U.S. Security Associates Awarded for… Training?
After failing several weapons tests and allowing security lapses in public buildings in Washington, D.C., U.S. Security Associates is — surprisingly — being honored for its quality of training. This week in Atlanta, U.S. Security Associates was one of multiple security companies presented with the Training Magazine Top 125 Award, which, according to the magazine, ranks the organizations that excel at “human capital development.”
It is, of course, ironic that a company with a record of failed security tests and allegations of sexual harassment and discrimination among their own employees would be honored for their employee training. However, a deeper look into the Top 125 Awards reveals that they aren’t fully based on an independent, impartial review of companies. In order to qualify, a company must first nominate itself, and then answer a detailed questionnaire and provide data on its own company.
As company managers and executives celebrated at the Training Magazine Conference, Stand For Security supporters in Atlanta were out educating the public about the potentially dangerous effects of U.S. Security Associates’ poor training standards. The company touts its long-distance “USA Security Academy,” where “trainees across the nation participate in live interactive training programs via Web and video-based conferencing.” But in Washington, D.C., tests revealed what appear to be poor training standards at the company, allowing simulated bombs to pass security checkpoints into public buildings.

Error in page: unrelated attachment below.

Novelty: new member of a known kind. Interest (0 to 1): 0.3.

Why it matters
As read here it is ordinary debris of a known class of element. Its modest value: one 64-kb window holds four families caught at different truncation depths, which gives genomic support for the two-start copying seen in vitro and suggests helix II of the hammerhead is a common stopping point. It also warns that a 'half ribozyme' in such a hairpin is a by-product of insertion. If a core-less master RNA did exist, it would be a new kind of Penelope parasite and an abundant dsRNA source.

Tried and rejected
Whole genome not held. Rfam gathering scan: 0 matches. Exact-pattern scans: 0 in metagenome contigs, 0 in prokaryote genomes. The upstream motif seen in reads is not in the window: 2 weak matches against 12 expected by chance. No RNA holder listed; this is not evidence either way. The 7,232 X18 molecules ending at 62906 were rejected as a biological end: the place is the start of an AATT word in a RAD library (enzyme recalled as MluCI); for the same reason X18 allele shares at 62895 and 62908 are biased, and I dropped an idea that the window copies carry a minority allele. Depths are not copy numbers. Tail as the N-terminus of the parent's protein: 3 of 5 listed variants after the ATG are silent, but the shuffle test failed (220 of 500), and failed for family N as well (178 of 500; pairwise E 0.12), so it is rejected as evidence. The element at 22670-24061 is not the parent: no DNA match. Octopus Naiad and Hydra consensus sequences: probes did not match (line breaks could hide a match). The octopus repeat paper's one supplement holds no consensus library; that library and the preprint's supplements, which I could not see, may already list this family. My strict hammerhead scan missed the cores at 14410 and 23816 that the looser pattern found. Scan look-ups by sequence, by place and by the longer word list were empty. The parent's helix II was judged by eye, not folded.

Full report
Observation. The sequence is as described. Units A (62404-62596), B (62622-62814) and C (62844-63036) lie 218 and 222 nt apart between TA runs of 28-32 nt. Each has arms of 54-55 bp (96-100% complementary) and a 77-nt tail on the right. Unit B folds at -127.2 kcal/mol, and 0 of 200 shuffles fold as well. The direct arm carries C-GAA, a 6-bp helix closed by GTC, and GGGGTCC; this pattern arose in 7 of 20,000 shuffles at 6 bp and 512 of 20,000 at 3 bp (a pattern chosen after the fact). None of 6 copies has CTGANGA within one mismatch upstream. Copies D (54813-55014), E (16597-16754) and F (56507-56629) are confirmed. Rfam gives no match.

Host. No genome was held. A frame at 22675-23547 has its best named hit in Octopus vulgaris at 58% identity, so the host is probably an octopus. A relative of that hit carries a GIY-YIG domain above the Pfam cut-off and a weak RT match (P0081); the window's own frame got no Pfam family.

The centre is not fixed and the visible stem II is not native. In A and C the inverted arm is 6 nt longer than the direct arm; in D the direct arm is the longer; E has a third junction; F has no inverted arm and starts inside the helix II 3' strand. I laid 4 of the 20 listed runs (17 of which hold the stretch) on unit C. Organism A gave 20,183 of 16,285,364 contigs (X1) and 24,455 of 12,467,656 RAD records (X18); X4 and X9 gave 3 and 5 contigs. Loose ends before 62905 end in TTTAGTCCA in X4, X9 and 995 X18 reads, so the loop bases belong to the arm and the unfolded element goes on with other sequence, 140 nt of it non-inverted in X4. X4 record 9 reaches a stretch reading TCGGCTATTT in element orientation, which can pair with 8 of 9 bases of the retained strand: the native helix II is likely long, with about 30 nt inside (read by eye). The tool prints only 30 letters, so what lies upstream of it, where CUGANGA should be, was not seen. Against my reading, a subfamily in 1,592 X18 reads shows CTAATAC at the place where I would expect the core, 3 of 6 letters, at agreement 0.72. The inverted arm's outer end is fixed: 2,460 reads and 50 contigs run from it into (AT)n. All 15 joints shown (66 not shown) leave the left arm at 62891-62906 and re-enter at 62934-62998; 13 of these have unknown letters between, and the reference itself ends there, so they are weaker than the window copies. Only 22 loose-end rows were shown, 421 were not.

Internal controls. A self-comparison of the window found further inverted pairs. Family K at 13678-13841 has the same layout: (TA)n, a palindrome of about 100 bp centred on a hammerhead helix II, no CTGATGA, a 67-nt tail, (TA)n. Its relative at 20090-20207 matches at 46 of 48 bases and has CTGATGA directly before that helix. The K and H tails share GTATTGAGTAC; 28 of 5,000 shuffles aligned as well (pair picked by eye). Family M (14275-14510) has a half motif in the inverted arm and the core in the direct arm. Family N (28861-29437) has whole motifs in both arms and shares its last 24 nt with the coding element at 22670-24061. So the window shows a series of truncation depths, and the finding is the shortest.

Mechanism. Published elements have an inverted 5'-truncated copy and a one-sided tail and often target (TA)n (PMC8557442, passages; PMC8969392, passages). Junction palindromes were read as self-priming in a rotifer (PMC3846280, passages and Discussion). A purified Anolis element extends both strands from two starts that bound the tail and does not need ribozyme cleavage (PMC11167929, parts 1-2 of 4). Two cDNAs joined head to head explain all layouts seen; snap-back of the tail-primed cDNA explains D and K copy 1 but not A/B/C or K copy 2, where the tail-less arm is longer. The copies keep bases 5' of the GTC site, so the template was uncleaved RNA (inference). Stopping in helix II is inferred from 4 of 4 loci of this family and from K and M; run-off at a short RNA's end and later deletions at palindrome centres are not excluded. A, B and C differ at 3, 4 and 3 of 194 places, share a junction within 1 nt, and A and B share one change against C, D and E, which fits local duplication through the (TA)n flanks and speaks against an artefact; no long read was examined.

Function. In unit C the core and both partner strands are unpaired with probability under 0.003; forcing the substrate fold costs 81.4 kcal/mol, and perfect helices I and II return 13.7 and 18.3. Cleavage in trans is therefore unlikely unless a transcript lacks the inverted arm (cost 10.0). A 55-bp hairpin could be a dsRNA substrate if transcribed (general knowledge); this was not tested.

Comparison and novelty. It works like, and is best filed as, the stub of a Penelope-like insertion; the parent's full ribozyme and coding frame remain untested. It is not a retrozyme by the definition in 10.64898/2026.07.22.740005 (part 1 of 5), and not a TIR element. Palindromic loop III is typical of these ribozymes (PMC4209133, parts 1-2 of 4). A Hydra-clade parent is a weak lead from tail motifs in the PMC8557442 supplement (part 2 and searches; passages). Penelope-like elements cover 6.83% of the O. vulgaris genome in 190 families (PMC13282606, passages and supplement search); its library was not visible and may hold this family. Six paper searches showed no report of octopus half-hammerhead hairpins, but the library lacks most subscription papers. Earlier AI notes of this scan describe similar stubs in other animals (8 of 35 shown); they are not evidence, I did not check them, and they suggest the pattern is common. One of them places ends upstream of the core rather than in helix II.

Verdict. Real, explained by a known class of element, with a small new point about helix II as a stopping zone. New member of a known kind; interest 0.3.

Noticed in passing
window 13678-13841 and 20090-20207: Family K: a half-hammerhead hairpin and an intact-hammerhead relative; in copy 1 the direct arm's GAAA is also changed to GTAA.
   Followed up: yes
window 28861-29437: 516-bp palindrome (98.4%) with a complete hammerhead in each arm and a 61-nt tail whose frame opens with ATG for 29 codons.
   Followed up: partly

In the security industry, we should all be taking training seriously. Along with better wages and important benefits, good training is important not only for security officers, who want to do their jobs well, but also for clients and the public.
Proper training can reduce turnover and develop the skills needed to keep the public safe in an era when police budgets are being slashed throughout the country.
According to U.S. Security Associates, this is the sixth consecutive year that they have won the award. Perhaps the company should spend less time on nominating themselves for awards, and more time providing their employees with the training they want — and need — to do their jobs well.